“You have to be able to imagine lives that are not yours.” Wendell Berry
Recently I was afforded the privilege to hear two women who had spent fifteen and sixteen years behind bars. They are a part of my church community and were invited to tell their stories. I was immediately captivated as I opened my ears and heart to people that I don’t knowingly cross paths with in my everyday life. One woman is white and the other is black. They formed a deep friendship during their years in a place that for most of us holds a forgotten population.
The white former prisoner was convicted on the charge of murder. The black woman was imprisoned because she was riding in a car with her boyfriend who possessed drugs. My radar went up immediately. Did this woman of color actually have to spend almost as long behind bars for riding in that car as the other one who took a life? Yes, she did.
Thankfully, the white woman was honest and real about that situation. She acknowledged that it was an injustice and a result of her white privilege. I know this is how it so often plays out, but to hear these stories side by side drove home the fact that people of color most often pay a higher price for lesser crimes. Within our justice system, racism so often rears its ugly head.
As they each shared their stories, my heart responded. Though it makes sense, I had not fully realized how difficult it is to re-enter society after being away for so long. Technology changes, family dynamics, and the fact that time marches on outside of the prison create challenges as someone faces freedom. The fact that pretty much no one wants to hire or rent an apartment to a felon makes re-entry a formidable task.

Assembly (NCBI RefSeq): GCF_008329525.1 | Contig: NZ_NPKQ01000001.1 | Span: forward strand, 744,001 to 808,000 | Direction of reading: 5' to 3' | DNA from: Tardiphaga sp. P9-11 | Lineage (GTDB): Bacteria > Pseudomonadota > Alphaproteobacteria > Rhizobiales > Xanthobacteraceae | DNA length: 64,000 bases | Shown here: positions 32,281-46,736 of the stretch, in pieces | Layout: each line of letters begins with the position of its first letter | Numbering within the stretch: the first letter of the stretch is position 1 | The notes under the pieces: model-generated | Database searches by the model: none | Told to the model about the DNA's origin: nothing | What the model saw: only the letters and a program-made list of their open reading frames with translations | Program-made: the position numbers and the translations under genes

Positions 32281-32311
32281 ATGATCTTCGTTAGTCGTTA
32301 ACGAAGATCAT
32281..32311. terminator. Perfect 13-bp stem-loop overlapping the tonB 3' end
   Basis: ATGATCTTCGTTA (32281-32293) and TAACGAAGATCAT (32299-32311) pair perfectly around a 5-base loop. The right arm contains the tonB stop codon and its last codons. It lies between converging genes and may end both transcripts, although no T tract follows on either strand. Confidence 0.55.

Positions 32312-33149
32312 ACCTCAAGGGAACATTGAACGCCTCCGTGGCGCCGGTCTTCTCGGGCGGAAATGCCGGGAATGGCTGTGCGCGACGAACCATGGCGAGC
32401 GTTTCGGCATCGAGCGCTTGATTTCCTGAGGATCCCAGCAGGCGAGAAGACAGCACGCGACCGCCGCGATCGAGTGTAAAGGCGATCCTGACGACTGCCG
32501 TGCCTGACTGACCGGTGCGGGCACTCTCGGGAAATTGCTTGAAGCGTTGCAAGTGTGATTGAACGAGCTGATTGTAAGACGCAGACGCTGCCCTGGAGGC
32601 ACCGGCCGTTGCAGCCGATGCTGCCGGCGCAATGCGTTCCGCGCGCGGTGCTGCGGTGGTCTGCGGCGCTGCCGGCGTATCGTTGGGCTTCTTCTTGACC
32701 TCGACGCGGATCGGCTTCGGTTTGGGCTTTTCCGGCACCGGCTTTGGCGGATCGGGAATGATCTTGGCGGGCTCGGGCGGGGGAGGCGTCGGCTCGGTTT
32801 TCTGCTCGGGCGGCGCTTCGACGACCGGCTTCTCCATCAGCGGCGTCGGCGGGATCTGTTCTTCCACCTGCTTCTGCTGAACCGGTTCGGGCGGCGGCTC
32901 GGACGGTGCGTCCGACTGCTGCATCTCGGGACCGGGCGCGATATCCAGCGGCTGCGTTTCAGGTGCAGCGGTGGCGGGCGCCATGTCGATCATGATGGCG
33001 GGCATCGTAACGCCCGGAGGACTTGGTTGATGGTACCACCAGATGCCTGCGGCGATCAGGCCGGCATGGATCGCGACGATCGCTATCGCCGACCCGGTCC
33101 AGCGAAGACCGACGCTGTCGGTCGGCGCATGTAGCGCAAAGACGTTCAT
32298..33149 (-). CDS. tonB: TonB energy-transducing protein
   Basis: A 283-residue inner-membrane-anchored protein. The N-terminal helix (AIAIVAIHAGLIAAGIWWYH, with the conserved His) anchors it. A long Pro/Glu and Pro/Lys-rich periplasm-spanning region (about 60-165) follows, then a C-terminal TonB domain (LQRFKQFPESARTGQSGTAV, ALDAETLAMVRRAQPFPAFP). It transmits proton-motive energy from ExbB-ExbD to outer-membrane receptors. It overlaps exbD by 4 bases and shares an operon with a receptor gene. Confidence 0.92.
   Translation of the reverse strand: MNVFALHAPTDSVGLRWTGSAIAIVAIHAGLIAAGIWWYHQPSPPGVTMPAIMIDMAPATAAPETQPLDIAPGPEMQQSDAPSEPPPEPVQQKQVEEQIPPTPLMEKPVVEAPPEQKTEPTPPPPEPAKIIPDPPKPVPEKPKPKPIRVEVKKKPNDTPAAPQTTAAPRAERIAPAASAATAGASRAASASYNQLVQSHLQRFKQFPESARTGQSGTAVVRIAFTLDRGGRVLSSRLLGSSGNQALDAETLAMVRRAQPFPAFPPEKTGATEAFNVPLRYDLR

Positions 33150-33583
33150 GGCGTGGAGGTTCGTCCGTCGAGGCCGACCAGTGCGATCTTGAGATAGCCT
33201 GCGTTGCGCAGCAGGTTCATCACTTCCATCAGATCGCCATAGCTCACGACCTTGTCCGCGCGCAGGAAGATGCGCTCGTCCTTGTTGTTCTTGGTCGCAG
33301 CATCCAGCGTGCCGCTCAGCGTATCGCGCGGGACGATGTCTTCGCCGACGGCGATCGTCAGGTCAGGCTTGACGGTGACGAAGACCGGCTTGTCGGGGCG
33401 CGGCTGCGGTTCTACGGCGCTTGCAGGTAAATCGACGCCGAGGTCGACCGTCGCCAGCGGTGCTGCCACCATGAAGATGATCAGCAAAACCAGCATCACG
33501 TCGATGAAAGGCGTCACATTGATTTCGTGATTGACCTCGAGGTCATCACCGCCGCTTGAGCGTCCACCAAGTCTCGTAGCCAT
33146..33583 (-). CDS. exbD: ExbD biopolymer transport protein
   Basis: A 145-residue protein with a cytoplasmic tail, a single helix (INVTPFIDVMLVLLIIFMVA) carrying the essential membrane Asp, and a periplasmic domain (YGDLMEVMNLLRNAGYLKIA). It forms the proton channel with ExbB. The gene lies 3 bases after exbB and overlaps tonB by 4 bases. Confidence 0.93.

Neither lady was defensive or argued that they didn’t deserve to go to prison. It seemed that they had made peace with this long ago. In fact, the black woman said that shortly before she was arrested, she had prayed that God would show her a way out of her unhealthy romantic relationship. She actually expressed gratitude for this way out.
When asked what could others do to support people who are in prison or on their way out, they had a simple yet often hard to execute suggestion – “just being with.” They elaborated that they didn’t want handouts or to manipulate others, but they do need someone to walk alongside as they make their way and figure out how to navigate society. From buying a car without a credit history to registering to vote to getting a driver's license, the routine tasks of life are overwhelming when one hasn't been a part of the normal everydays for so many years.
“Being with” is a critical component of any relationship. Whether it is with our child, a neighbor, or a friend. We can’t fix or save or change realities for so many that we connect with each day. But no matter what happens, we always have a choice to “be with.” Thank you to two beautiful ladies for reminding me of this truth. I hope to live more of my moments in this posture of “being with.”
Book update: Adopting Grace: A Parenting Journey from Fear to Freedom will be available in September. I am taking several weeks to jump off of the merry-go-round of book marketing to spend time and “be with” my family. I hope to rest, laugh, and prepare for the intensity of a fall book launch. I wish for you and yours a restorative summer. I will return to this space in July.